Poison Ivy, Oak, or Sumac
What are poison ivy, oak, and sumac?
Poison ivy, oak, and sumac are plants that can cause a red, itchy rash called allergic contact dermatitis. It is the most common skin problem caused by contact with plants.
What causes a poison ivy, oak, or sumac rash?
The rash is caused by contact with a sticky oil called urushiol (say "yoo-ROO-shee-all") found in poison ivy, oak, or sumac. You can get the rash from:
- Touching or brushing against any part of these plants, including the leaves, stems, flowers, berries, and roots, even if the plant is dead.
- Touching anything that has come in contact with these plants, such as clothing, sporting gear, gardening tools, or pet fur.
The rash is only spread through the oil. You can't catch a rash from someone else by touching the blister fluid.
The rash is an allergic reaction to the oil. You become allergic to it through contact. After you have come in contact with these plants, your immune system may start to react to the oil as though it's a harmful substance.
What are the symptoms?
The usual symptoms of the rash are:
- Red streaks or general redness where the plant brushed against the skin.
- Small bumps or larger raised areas (hives).
- Blisters that may leak fluid.
Some people are very allergic to the oil. In these people, even a little bit of the oil may cause serious symptoms that need medical attention right away, such as:
- Trouble breathing.
- Swelling of the face, mouth, neck, or genitals. The eyelids may swell shut.
- Widespread, large blisters that ooze a lot of fluid.
The rash usually takes more than a week to show up the first time you have a reaction to the oil. It develops in a day or two on later contacts. The rash may form in new areas over several days, but you will only get a rash where the oil touched your skin.
The rash usually lasts about 10 days to 3 weeks. But it may last up to 6 weeks in more severe cases.
How is the rash diagnosed?
A doctor can usually diagnose the rash by looking at it and asking questions about:
- When you were exposed to the plant.
- How long it took the rash to develop.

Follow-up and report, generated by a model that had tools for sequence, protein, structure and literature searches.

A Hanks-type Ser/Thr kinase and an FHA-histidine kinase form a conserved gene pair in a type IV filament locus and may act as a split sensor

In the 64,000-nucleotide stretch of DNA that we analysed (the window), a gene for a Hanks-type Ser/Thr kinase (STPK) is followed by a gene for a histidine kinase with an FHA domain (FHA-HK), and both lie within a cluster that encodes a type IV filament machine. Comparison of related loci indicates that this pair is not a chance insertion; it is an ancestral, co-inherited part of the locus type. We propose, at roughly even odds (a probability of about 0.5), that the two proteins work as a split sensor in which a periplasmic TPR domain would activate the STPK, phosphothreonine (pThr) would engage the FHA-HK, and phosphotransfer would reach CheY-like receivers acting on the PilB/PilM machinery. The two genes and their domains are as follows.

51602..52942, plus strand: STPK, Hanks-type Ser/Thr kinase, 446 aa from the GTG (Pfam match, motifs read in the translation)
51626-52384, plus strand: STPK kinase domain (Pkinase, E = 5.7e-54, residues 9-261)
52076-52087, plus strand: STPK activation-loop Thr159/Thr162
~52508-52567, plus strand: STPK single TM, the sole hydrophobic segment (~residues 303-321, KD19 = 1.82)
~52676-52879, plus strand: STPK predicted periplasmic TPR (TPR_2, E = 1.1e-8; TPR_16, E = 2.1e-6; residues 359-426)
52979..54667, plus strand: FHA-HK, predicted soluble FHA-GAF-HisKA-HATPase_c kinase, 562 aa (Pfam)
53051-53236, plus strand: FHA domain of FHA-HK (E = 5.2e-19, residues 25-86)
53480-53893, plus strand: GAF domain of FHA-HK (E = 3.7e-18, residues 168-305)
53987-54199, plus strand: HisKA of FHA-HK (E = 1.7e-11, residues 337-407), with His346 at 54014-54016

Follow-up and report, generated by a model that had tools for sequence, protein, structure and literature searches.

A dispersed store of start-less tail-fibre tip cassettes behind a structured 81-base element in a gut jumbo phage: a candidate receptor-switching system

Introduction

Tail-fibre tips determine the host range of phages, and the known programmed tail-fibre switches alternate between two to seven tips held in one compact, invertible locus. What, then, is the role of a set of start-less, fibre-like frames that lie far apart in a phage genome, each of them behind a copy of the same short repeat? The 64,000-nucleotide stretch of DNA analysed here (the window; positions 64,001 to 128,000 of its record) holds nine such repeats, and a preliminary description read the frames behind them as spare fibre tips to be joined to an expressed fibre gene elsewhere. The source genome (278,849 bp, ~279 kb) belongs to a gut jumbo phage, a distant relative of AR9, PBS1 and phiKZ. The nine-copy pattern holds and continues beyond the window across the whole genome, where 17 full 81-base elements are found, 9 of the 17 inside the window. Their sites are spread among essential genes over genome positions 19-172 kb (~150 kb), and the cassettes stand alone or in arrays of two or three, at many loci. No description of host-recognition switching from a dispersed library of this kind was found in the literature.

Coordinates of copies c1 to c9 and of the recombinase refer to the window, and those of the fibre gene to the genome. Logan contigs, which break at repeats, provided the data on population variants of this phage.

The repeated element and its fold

- Other rashes you have had.
- Your outdoor activities, work, and hobbies.
How is it treated?
If you get a mild rash, you can take care of it at home.
- Apply a wet cloth, or soak the area in cool water.
- Use calamine lotion to help relieve itching.
- Try not to scratch the rash. Scratching could cause a skin infection.
See your doctor if the rash covers a large area of your body or your symptoms are severe. A severe rash may be treated with prescription corticosteroid pills, creams, or shots.
How can you prevent the rash from poison ivy, oak, and sumac?
If you think you have touched any of these plants:
- Wash your skin right away with plenty of water and mild soap (such as dishwashing soap) or rubbing alcohol. Rinse often, so that the soap or rubbing alcohol doesn't dry on the skin and make the rash worse.
- Use a brush to clean under your nails.
- Wash any clothing or other items that might have the oil on them. Do it right away.
The best way to prevent future rashes is to learn to identify these plants and avoid them.
When you can't avoid contact with the plants:
- Wear long pants, long sleeves, and closed shoes to help keep the oil from getting on your skin.
- Wear vinyl or leather gloves. Rubber (latex), cotton, or wool gloves offer no protection.
- Use a barrier cream or lotion, such as Ivy X Pre-Contact Skin Solution. It can help keep the oil from coming in contact with your skin.
- If you did not use a preventive product and you have had contact with plant oil, clean it off your skin with an after-contact product as soon as possible. These products, such as Tecnu Original Outdoor Skin Cleanser, can also be used to clean plant oil from clothing or tools.
Experts say not to burn plants like poison ivy, oak, or sumac. When these plants burn, urushiol attaches to smoke particles. Exposure to the smoke can cause a rash on your skin. Breathing in the smoke can also hurt your lungs.
Other Works Consulted
- Hall JC (2010). Dermatologic allergy. In JC Hall, ed., Sauer's Manual of Skin Diseases, 10th ed., pp. 78–104. Philadelphia: Lippincott Williams and Wilkins.
- Shofner JD, Kimball AB (2012). Plant-induced dermatitis. In PS Auerbach, ed., Wilderness Medicine, 6th ed., pp. 1232–1251. Philadelphia: Mosby.
Primary Medical Reviewer William H. Blahd, Jr., MD, FACEP - Emergency Medicine
Adam Husney, MD - Family Medicine
E. Gregory Thompson, MD - Internal Medicine
Martin J. Gabica, MD - Family Medicine
Current as ofApril 18, 2018
Current as of: April 18, 2018